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Several weeks ago, the Bluegrass Institute released my new report, “Virtual schooling in Kentucky: Great promise with challenges,” about virtual learning systems in Kentucky.
It focused on the Kentucky Virtual High School system which serves both advanced students who want to take Advanced Placement courses and those students who have fallen behind and need special help.
Now, another variation of an e-learning program is starting to produce benefits in Hopkins County.
The Kentucky School Boards Association is echoing a Messenger (Madisonville) article about a new e-learning based program in Hopkins County that has already produced its first graduate. Instead of being a dropout, newly graduated Dillion Ellis is on his way to a potentially very worthwhile career as a diesel engine mechanic.
My only concern as I read the article is that the new Academy will graduate students with only 23 credits while the regular high schools in Hopkins County require either 25 or 27 credits to graduate. All still exceed the state minimum of 22 credits, however.
A “Well Done!” is in order for Hopkins County for harnessing the promise of technology for students who need extra help. This technology-based system is meeting needs of students who must work and need special schedules and other assistance which can be greatly facilitates with E-learning approaches.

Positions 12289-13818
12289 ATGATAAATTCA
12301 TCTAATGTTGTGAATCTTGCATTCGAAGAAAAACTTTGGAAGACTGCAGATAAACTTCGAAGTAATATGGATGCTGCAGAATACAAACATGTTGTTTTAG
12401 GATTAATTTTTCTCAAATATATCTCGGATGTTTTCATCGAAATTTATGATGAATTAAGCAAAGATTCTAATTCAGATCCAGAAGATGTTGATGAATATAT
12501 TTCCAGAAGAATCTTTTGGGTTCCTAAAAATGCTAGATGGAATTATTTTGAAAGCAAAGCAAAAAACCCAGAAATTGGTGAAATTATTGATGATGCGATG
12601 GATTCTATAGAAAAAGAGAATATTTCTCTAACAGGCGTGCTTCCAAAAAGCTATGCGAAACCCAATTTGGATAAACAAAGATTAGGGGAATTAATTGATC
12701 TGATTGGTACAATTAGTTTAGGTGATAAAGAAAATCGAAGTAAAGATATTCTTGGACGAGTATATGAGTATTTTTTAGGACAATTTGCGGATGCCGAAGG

U.S. District Judge Danny C. Reeves has ruled that Kentucky’s special interest election law limiting individuals’ contributions to candidates for local school board races is unconstitutional.
The law restricts contributions from individuals to $100 while the union continues to poor hundreds of thousands into the campaign of its chosen candidates. That unfair and unbalanced policy gives teachers’ unions a hugely unfair advantage in controlling those political school board races.
Teachers’ unions take full advantage of it, as well, by doing such things as helping get school board members who favor union policies over children’s education elected. Such mischief might be occurring in Carter County, where union-oriented school board members have approved a Project Labor Agreement (PLA) in construction of a new school.
It’s outrageous that some of these board members stand to personally benefit from their “yes” votes on the PLA. It’s also proper that the Associated General Contractors of Kentucky have filed a lawsuit against the Carter County Board of Education and Kentucky Department of Education
Union allegiance is to unions. Their primary objectives are clear: Soak taxpayers for more pay, more benefits, more rules and more restrictions.
No union should be able to buy board members, legislators or votes. Thank goodness a federal judge finally said “STOP.”